WASHINGTON — The fact that the House has 435 representatives seems etched in stone, but in fact that number was settled on only a century ago.
There’s no constitutional reason it couldn’t be some other number: 600 members, say, or 6,000.
Indeed, a retired health care consultant in Southern California, Scott Scharpen, thinks the House’s size is an egregious injustice that denies some states — OK, mostly the smaller and more rural states — the political strength they ought to have in Congress. Scharpen is so passionate about it that he started an organization last year to market his views: Apportionment.US. He’s also behind a lawsuit filed this month in a federal district court in Mississippi contending that the 1929 law limiting House membership to 435 is unconstitutional because it violates the principle of one person, one vote.
“I care a lot about America,” Scharpen says. “I call myself a patriot, and I love this country. So when I saw this kind of voting inequity, I wanted to try to fix it.”
The Constitution permits the House to set its ratio of representation up to a maximum of one House member for every 30,000 residents. Each state is guaranteed at least one representative. After all but one of the 13 census counts conducted between 1790 and 1910, the House expanded (the exception was the 1840s). A dispute over census figures forestalled the 1920 reapportionment, though, and the 1929 law set the 435 membership. But it could be changed with another statute.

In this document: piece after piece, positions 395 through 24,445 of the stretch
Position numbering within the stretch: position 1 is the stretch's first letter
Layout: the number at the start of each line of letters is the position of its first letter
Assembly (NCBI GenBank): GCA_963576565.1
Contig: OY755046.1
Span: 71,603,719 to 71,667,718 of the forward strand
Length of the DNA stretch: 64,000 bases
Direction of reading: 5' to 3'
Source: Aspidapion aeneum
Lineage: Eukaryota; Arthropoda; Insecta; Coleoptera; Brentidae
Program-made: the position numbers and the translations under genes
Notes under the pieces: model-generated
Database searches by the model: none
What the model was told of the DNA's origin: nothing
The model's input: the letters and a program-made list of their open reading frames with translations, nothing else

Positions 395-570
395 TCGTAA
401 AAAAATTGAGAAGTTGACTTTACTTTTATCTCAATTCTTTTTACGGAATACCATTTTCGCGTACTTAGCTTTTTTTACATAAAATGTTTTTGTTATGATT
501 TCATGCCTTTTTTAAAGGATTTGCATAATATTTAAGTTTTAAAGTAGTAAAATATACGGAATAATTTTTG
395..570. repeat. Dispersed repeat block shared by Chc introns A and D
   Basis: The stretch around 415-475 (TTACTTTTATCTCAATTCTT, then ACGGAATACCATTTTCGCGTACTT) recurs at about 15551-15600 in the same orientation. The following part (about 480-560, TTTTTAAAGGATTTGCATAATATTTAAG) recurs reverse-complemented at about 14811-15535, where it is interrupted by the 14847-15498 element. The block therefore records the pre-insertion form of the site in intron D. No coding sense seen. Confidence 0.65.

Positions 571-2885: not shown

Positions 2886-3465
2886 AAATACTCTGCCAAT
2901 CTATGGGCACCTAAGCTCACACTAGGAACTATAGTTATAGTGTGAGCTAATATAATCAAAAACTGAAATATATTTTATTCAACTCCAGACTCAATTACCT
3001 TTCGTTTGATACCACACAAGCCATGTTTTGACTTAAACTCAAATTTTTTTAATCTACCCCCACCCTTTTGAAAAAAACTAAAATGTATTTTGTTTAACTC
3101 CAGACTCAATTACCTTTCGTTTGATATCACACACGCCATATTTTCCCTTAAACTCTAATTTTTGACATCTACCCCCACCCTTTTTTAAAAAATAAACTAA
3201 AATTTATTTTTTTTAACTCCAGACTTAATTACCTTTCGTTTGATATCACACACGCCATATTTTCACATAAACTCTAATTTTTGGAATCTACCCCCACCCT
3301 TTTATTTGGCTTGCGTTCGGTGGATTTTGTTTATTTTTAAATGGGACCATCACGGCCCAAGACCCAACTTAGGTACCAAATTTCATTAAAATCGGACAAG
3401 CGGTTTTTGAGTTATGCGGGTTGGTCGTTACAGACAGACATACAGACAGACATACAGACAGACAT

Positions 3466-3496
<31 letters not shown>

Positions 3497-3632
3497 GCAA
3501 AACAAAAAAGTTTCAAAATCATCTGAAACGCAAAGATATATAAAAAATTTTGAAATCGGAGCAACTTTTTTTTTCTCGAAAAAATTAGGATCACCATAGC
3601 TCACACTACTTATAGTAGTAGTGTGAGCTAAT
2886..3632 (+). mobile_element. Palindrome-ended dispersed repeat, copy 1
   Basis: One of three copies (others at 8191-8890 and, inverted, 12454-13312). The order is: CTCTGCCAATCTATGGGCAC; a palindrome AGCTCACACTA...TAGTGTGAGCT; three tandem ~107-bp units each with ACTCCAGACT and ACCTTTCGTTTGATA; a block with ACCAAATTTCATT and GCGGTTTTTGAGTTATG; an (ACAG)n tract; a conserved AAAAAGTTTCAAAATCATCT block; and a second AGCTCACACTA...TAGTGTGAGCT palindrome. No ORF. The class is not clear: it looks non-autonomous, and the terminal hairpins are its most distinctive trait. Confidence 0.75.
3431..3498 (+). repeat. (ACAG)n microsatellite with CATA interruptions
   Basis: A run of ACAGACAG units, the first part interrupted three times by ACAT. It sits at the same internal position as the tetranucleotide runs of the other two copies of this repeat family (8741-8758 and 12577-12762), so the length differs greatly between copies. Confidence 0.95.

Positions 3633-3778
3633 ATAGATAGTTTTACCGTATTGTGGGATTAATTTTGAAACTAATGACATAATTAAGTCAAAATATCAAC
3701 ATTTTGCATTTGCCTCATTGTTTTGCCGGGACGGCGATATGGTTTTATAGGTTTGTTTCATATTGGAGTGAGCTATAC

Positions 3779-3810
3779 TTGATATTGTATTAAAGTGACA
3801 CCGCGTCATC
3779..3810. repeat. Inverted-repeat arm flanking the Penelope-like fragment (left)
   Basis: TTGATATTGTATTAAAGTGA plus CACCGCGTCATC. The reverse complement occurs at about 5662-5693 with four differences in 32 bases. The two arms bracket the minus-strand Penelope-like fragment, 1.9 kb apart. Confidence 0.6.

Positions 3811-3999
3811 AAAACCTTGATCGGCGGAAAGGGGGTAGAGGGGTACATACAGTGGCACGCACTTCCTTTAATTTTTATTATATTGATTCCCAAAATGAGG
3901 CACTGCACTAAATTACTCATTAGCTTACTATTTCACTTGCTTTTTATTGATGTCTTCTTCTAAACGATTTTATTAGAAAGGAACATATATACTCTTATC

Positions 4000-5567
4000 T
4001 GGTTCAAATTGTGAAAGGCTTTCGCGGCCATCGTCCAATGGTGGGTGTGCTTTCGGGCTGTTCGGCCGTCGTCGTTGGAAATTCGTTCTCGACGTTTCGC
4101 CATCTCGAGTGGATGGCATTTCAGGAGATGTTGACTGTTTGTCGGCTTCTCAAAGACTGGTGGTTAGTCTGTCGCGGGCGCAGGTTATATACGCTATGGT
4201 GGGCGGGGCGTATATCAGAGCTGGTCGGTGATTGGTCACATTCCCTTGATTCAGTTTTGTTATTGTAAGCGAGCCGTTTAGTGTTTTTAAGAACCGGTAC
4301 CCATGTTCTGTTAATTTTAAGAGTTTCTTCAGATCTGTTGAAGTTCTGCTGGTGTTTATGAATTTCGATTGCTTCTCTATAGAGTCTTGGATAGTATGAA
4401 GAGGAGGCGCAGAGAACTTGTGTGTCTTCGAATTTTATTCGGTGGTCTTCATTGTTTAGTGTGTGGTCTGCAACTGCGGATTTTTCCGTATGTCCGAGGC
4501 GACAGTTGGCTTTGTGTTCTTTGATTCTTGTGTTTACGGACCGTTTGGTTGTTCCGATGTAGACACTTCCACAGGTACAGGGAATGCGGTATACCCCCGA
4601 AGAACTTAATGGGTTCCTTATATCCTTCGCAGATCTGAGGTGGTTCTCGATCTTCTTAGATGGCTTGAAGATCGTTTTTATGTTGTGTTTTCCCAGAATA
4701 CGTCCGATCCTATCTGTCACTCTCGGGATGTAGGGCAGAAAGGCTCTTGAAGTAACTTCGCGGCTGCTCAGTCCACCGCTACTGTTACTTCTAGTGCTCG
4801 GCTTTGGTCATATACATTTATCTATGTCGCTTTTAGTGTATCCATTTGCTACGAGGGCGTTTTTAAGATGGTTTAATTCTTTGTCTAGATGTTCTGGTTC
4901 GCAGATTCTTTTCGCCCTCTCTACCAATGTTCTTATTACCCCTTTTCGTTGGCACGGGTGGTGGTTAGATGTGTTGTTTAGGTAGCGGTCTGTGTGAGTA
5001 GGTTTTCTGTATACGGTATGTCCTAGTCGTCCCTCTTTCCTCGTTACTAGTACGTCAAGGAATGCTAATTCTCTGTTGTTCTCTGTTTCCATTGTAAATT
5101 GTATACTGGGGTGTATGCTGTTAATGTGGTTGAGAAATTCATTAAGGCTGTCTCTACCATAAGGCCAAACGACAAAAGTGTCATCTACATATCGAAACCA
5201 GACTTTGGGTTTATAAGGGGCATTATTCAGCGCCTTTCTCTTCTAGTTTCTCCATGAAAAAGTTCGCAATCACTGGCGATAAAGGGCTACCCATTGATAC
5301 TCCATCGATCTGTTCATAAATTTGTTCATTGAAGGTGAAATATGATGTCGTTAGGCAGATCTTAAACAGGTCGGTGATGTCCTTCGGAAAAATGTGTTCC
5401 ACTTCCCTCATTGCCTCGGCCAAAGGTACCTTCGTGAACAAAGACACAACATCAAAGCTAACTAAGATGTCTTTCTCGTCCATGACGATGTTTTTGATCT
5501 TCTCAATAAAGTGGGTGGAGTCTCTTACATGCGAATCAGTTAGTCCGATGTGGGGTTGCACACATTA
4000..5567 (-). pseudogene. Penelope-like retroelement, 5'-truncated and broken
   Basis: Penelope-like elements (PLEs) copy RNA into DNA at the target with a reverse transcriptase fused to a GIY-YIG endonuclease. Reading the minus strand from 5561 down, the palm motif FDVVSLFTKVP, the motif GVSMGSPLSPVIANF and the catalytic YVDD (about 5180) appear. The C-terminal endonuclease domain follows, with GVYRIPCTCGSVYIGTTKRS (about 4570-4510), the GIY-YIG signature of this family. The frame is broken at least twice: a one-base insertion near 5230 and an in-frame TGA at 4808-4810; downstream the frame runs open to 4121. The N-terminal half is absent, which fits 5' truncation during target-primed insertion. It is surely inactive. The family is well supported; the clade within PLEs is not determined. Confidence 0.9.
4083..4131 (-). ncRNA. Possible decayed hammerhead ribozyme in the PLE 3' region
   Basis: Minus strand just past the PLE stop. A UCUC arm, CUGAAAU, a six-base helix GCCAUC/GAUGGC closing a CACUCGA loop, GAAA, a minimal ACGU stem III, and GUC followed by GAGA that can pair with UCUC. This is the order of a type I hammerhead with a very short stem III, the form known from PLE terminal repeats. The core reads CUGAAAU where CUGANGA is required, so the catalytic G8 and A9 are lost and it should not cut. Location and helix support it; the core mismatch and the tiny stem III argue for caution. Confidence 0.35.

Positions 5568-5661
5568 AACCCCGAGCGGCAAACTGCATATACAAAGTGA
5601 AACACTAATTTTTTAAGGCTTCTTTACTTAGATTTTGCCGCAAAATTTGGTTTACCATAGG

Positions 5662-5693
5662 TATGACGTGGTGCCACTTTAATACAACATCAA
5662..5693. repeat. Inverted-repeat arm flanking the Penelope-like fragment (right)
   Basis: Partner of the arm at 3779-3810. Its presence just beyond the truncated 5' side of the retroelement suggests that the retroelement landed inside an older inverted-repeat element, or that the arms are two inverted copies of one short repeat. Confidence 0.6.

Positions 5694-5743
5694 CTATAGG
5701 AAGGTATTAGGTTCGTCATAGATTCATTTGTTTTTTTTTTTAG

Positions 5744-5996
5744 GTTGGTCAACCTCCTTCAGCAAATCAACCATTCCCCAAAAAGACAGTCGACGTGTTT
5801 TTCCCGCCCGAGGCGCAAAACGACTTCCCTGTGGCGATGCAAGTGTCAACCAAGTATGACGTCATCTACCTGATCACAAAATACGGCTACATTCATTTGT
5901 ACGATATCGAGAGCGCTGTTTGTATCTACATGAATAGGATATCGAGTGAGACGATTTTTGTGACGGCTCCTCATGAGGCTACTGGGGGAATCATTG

The average number of people in each House district has grown steadily since then: about 280,000 in 1929; almost 700,000 now. But district populations vary widely, prompting Scharpen’s concerns. Montana’s sole House member, Republican Denny Rehberg, represents 967,000 people, while Wyoming’s only member, Republican Cynthia M. Lummis, represents almost 533,000, a constituency half the size of Rehberg’s.
A self-proclaimed conservative, Scharpen has teamed with Michael P. Farris, the conservative chancellor of Patrick Henry College, a Christian school in Loudoun County, Va., in bringing the suit. With the help of the Mississippi law firm Wilson, Hinton & Wood, they recruited five plaintiffs from the states where, in their view, the people are the most under-represented in the House: Delaware, Mississippi, Montana, South Dakota and Utah.
It’s not partisan though, Scharpen says. One of his potential witnesses is University of Connecticut politics professor Jeffrey Ladewig, a self-proclaimed liberal. Ladewig thinks a larger House would benefit big states and therefore, the Democratic Party.
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